WNBA fines teams, players for displays of social activism

DOUG FEINBERG | 7/31/2016, 9:17 p.m.
Social activism is coming at a cost for some WNBA players.
Minnesota Lynx forward Rebekkah Brunson, left, is greeted by Minnesota Lynx forward Natasha Howard while starting lineups are announced at the Target Center in Minneapolis, July 9. Since donning T-shirts before a game in remembrance of two men who were shot by police and the five Dallas police officers who were killed in an attack last week, the Lynx have been hailed as crusaders for using their platform to start a dialogue, but have also been told they should just shut up and play ball. Timothy Nwachukwu of Star Tribune

NEW YORK(AP) – Social activism is coming at a cost for some WNBA players.

The WNBA has fined the Indiana Fever, New York Liberty and Phoenix Mercury and their players for wearing black warmup shirts in the wake of recent police-involved shootings of African American men, as well as the recent shootings of police officers.

All three teams were fined $5,000 and each player was fined $500 as the shirts violated the league’s uniform policy. While the shirts were the Adidas brand – the official outfitter of the league – WNBA rules state that uniforms may not be altered in any way.

“What’s most upsetting is the way it was handled,” Indiana Fever player rep Briann January said. “You have a league that is 90 – if not above 90 percent – African American and you have an issue that is directly affecting them and the people they know and you have a league that isn’t willing to side with them.

“It’s not a race issue, not an anti-police issue, not a Black or White issue. It’s a right or wrong issue.”

WNBA President Lisa Borders said Wednesday night in a statement to The Associated Press that the fines were not about the players speaking out on a social issue.

“We are proud of WNBA players’ engagement and passionate advocacy for nonviolent solutions to difficult social issues, but expect them to comply with the league’s uniform guidelines,” Borders said.

Nonetheless, Indiana Fever All-Star Tamika Catchings, who is retiring at the end of the season and is the president of the players union, is also disappointed in the WNBA’s actions.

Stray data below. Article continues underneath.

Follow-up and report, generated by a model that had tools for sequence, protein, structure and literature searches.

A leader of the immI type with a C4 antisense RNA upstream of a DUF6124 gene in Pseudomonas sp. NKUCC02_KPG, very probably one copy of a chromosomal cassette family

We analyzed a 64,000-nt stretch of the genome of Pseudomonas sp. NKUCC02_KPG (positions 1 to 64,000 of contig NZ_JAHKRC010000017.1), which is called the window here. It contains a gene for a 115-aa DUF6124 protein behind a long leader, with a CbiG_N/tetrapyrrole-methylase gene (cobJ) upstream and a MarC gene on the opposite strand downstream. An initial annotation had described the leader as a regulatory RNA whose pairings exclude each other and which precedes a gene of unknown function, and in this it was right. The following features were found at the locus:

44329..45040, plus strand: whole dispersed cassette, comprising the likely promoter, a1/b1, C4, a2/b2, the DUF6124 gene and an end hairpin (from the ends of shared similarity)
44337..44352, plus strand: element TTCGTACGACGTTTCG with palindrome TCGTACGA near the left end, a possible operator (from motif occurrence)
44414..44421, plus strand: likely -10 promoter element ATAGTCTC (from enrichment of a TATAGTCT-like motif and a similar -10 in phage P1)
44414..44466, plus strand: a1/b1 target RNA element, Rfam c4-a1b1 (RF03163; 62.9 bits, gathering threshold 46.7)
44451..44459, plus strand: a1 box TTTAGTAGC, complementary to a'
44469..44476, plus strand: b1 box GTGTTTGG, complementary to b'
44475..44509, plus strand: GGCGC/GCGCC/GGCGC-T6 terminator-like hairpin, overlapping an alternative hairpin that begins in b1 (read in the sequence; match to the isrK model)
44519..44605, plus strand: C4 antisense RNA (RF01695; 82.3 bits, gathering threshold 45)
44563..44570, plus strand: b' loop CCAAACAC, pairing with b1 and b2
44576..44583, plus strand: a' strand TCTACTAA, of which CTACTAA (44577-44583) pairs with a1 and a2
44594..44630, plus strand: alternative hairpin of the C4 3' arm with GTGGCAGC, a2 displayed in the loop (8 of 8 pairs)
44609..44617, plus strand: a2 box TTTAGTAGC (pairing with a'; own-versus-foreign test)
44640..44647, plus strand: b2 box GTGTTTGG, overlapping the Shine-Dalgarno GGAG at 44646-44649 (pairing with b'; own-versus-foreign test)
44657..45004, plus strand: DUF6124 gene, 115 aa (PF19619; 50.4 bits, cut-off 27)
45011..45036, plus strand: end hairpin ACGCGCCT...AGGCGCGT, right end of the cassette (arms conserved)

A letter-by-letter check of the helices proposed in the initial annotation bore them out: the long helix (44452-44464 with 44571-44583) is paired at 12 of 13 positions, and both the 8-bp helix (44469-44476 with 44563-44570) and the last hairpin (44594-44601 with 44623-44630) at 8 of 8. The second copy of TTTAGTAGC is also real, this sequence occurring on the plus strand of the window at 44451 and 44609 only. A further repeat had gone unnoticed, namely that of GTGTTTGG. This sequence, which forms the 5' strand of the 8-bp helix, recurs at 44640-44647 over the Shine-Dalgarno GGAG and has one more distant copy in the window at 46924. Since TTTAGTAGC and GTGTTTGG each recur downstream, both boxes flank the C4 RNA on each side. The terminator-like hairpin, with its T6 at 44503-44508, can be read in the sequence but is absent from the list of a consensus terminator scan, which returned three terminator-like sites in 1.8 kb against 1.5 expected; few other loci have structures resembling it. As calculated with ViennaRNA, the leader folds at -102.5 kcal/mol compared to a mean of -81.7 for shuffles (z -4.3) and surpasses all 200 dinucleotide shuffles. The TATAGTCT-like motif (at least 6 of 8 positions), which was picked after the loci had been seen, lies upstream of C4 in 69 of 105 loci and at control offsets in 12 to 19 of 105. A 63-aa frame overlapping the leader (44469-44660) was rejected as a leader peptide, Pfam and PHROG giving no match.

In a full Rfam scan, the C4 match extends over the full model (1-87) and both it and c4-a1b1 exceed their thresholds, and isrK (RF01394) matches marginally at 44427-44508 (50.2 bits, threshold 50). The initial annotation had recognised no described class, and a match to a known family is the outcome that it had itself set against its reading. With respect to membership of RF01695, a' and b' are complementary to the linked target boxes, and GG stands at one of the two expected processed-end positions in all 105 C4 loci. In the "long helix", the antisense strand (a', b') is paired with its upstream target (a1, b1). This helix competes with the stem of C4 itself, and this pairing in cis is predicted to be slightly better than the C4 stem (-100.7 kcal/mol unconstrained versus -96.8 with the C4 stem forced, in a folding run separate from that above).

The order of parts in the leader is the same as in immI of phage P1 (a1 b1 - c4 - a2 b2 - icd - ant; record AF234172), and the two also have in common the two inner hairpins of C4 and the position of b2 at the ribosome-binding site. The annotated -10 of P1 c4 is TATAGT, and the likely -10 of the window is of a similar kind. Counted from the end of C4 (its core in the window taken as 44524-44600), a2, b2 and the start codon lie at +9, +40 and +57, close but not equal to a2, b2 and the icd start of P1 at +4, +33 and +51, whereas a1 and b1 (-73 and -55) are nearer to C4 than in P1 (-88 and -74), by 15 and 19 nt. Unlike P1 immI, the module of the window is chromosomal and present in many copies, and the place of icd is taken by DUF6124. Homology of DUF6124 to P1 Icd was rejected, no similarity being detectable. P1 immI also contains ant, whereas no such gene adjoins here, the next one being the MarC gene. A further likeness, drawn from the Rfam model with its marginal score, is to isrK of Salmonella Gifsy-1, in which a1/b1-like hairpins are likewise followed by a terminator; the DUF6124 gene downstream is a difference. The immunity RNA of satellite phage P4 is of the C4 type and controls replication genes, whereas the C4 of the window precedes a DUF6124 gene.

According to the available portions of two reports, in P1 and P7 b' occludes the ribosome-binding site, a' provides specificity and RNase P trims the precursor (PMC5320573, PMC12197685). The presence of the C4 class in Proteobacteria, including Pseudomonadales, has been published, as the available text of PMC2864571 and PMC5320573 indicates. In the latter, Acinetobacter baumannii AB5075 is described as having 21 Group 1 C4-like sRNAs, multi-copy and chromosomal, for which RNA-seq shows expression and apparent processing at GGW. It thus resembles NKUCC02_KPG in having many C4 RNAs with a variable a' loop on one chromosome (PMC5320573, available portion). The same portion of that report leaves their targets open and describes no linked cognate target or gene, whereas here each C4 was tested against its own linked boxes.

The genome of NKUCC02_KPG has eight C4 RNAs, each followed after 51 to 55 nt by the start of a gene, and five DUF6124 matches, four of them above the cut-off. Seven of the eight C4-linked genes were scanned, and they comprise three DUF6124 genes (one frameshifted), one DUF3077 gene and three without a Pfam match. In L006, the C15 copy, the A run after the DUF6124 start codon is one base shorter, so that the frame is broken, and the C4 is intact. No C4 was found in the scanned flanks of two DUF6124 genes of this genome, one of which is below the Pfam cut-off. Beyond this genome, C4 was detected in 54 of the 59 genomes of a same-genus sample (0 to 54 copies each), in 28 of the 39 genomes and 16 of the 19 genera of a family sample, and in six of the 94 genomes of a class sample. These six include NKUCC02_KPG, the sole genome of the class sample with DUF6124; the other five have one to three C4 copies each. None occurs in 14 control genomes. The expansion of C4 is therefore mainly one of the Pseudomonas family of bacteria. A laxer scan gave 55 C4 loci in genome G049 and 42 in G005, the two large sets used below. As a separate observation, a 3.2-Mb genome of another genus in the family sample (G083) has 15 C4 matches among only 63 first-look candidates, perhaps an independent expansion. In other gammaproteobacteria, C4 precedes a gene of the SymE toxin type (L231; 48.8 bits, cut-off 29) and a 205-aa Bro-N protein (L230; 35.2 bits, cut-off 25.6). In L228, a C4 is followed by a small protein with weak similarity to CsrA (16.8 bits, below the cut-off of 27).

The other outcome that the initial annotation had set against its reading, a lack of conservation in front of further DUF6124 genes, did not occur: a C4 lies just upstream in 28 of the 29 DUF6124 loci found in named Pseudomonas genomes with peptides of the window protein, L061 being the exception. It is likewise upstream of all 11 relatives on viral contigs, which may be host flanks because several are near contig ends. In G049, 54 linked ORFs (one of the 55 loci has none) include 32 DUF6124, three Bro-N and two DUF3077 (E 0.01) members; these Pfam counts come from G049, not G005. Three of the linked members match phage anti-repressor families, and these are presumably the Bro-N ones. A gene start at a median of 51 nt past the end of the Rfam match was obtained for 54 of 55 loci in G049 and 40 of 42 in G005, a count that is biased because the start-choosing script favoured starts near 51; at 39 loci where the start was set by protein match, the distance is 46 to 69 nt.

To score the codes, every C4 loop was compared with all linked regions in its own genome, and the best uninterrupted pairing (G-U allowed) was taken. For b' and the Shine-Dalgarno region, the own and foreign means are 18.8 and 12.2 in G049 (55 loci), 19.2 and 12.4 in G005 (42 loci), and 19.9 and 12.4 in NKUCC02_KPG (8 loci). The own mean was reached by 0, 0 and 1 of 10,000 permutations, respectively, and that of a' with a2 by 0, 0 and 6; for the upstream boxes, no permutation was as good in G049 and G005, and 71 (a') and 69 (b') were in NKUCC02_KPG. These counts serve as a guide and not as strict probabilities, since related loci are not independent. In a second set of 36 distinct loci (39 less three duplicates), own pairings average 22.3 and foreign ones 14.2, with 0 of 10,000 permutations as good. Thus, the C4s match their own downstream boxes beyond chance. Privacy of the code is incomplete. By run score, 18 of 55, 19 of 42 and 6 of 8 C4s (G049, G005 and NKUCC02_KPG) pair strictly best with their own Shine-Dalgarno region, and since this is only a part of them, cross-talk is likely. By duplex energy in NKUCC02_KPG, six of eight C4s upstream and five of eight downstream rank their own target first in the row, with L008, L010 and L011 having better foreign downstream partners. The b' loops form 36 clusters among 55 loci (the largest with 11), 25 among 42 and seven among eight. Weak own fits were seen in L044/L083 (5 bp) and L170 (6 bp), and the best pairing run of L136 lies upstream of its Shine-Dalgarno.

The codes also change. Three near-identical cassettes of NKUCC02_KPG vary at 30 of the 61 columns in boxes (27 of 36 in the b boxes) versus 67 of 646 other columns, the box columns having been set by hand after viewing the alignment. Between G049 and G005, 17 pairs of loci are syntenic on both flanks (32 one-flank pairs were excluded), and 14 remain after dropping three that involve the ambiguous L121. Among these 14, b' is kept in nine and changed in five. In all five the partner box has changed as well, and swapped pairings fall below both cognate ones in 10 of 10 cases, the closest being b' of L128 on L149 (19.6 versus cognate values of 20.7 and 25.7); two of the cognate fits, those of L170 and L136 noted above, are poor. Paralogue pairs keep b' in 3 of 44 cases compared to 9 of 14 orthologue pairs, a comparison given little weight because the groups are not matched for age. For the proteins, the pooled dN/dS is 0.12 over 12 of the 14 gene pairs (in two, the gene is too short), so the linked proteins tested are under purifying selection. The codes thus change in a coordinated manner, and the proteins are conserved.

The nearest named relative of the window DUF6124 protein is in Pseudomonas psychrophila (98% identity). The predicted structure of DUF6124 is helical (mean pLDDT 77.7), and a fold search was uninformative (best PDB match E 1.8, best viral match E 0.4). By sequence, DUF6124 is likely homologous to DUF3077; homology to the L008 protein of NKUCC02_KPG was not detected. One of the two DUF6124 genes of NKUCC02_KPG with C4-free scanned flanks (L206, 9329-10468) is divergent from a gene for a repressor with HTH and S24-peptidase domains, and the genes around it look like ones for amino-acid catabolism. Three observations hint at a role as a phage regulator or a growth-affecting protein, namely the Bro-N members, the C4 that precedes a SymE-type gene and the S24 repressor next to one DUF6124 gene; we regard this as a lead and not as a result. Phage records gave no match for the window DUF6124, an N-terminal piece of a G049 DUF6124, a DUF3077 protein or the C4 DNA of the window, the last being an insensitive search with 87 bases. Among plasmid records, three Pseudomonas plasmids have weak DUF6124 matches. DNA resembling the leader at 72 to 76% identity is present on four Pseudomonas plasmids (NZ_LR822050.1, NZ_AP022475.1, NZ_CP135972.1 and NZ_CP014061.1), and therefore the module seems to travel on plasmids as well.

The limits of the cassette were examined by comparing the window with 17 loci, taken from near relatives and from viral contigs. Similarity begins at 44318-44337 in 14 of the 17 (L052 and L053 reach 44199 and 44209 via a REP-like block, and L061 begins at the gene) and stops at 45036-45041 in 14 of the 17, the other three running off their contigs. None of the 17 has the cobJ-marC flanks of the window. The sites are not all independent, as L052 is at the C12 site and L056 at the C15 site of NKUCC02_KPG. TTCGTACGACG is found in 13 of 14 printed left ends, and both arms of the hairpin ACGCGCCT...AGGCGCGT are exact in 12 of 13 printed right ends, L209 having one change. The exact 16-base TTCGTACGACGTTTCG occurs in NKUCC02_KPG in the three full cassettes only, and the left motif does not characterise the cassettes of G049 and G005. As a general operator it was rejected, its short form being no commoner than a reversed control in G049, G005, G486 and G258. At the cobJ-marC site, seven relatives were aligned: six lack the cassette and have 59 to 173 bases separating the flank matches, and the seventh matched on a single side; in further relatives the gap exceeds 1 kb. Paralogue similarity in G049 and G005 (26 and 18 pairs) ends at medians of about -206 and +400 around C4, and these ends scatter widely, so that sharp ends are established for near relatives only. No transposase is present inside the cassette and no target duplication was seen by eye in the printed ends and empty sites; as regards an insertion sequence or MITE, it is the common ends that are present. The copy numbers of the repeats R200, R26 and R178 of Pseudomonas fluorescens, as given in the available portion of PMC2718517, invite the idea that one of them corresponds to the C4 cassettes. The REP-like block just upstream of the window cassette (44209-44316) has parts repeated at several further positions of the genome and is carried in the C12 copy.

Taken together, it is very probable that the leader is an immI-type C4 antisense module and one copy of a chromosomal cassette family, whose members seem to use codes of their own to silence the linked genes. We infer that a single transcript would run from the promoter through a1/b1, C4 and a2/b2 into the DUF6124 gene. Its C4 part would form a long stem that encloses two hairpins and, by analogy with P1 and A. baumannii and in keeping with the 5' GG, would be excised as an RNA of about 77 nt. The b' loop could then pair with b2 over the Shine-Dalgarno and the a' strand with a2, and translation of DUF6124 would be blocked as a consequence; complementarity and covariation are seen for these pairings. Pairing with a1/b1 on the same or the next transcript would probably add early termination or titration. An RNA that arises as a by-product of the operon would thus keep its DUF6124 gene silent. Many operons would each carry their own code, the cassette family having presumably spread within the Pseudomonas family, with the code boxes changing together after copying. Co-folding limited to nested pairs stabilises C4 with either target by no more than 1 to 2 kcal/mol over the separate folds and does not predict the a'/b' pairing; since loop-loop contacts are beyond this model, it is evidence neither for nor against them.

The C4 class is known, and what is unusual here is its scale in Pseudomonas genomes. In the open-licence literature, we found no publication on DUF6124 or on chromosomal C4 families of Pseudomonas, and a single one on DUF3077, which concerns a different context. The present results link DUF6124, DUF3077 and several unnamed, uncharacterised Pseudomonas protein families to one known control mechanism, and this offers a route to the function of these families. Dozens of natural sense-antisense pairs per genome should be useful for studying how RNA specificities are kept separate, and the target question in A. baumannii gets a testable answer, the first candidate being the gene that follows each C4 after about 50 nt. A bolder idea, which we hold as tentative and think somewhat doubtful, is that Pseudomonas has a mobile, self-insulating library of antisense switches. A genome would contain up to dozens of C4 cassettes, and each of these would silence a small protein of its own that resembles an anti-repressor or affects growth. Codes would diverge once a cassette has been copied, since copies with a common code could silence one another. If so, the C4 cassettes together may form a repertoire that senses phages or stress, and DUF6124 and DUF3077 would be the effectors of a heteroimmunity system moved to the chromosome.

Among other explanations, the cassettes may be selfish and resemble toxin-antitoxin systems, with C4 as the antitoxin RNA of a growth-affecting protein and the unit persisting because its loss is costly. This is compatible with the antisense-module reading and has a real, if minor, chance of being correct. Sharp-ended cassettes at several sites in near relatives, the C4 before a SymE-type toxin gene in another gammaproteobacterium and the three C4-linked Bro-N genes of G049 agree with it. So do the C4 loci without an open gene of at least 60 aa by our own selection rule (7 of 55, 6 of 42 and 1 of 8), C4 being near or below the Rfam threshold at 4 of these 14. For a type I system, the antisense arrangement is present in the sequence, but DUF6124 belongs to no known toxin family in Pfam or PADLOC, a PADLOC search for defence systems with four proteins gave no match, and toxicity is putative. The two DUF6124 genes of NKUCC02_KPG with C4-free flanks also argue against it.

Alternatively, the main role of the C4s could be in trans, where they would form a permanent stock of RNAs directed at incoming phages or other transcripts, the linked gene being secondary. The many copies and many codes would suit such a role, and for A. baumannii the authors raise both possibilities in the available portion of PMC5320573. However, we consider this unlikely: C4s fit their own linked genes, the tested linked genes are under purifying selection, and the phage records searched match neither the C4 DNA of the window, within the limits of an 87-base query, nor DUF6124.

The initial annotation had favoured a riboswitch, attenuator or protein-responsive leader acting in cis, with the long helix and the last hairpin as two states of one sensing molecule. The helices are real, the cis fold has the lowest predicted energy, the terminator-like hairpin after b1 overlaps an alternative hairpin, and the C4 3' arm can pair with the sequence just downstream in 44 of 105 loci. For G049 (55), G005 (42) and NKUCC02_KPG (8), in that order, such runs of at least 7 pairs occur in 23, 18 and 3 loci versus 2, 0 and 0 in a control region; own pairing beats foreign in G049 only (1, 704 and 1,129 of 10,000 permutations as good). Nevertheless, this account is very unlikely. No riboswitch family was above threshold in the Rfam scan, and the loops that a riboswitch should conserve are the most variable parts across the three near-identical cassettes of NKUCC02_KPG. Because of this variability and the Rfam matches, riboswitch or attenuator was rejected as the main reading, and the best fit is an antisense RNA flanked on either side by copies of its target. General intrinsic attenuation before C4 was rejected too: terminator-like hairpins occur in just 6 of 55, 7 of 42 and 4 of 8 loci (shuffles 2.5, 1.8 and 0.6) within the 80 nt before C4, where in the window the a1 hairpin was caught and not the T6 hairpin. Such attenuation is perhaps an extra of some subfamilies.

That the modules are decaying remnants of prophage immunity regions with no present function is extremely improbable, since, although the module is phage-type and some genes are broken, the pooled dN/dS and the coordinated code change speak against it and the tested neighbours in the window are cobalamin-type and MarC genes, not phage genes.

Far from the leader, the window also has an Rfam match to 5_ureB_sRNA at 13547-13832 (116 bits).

“Instead of the league taking a stance with us, where they tell us they appreciate [us] expressing our concerns like they did for Orlando, we’re fighting against each other,” she said.

The league was quick to give every team member shirts in support of the Orlando tragedy in June, which the players wore.

“We were OK with that, we wanted to support that, but also they can’t pick and choose what initiatives to support and what not to support just because it doesn’t push their agenda,” Liberty guard Tanisha Wright said. “This is important to us.”

Typical WNBA fines for technical fouls or such are about half the $500 amount the players were fined for wearing the black shirts. WNBA rookies like New York’s Adut Bulgak make roughly $40,000, so the fine is about 1/80th of a first-year players’ salary.

The Liberty team has worn the plain black shirts four times, including Wednesday morning against Washington. They didn’t wear them Thursday in their matinee game against the Fever, opting for their normal black shirts with the Liberty logo. Tina Charles did wear her warmup shirt inside out.

“After seeing the African American male shot three times after helping an autistic person out this morning in Florida, I knew I couldn’t be silent,” Charles said after Liberty lost to the Fever. “Knowing the player I am representing this organization, if anybody was going to wear it, it had to be me. I have no problem wearing this shirt inside out for the rest of the season until we are able to have the WNBA support us.”